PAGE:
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how do you function right after losing a spouse?

sandshoke
Posts: 2
Joined: Mar 2004

My husband Scott of almost 3 years was my soul mate he died on March 9 2004. We did everything together. Even though we weren't married long.
He was only diagnosed with cancer on October 12, 2003 and had surgury earlier this year. He had something rare. Neorendocrine tumors in a 34 year old man they were in his liver and pancrease he had a tumor the size of a football removed. He came home after the surgery and was doing pretty good. But then had some complications about a month and a half later and was hospitalized for 19 days, he wasn't supposed to be gone this soon. He never gave up once or stopped fighting. On the outside I am ok but on the inside I am all torn up. It was so hard to see him suffer and go through all of the pain. Even though I was there with him the entire time I still couldn't take away his pain. Now I just don't know what to do with myself, yet I know that I have to still funtion for our 6 children. Does this pain ever get easier, they say everything happens for a reason. Boy I sure would like to know what that may be because I sure cannot see why such a wonderful man was taken away from his family. Today is a really hard day it would have been out 3rd ann. Hopefully with time this will get easier.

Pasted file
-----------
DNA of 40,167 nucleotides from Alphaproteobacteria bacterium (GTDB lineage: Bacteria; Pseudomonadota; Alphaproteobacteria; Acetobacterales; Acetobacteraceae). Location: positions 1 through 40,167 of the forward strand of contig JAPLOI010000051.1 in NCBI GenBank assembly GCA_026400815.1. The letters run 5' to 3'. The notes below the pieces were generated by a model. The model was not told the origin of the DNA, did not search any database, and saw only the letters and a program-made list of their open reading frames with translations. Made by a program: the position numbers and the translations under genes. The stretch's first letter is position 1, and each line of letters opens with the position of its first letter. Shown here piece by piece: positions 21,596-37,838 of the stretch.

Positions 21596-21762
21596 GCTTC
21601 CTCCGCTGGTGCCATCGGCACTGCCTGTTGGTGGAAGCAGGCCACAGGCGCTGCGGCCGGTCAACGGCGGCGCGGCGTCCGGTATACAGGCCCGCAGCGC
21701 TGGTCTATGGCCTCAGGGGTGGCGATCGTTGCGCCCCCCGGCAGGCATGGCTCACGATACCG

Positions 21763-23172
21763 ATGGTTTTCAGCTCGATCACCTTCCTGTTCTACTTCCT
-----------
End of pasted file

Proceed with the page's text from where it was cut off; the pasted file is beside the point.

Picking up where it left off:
dwlghp
Posts: 3
Joined: Mar 2004

Hello sandshoke. I am very sorry to hear about Scott.
You ask how you are supposed to function...you can and you will because you have six beautiful children and Scott needs you to finish what the two of you started. You can do it!!
My beautiful husband of twenty years died in 2002 from GBM stage IV--brain cancer at the age of 44. I promised him I would take care of myself and the kids and I will honor that promise.
Please stay strong and go hug your kids. They need you. Take care--dwlghp

dwlghp
Posts: 3
Joined: Mar 2004

Hello sandshoke. I am very sorry to hear about Scott.
You ask how you are supposed to function...you can and you will because you have six beautiful children and Scott needs you to finish what the two of you started. You can do it!!
My beautiful husband of twenty years died in 2002 from GBM stage IV--brain cancer at the age of 44. I promised him I would take care of myself and the kids and I will honor that promise.
Please stay strong and go hug your kids. They need you. Take care--dwlghp

jhope's picture
jhope
Posts: 58
Joined: Mar 2004

hi, I am very truly for your loss. I am 3 months out from chemo & radiation treatment, I am in my 30's also. I worry very much, not for myself as I believe in Christ, but for my husband and children. You not only are going to be there for your kids, but you can if you want too, be a great comfort to those who have cancer and are very worried about loved ones like yourself left behind. I want so much, I cry as I write this that you will find peace so that I might know my husband would also. God bless you, Julia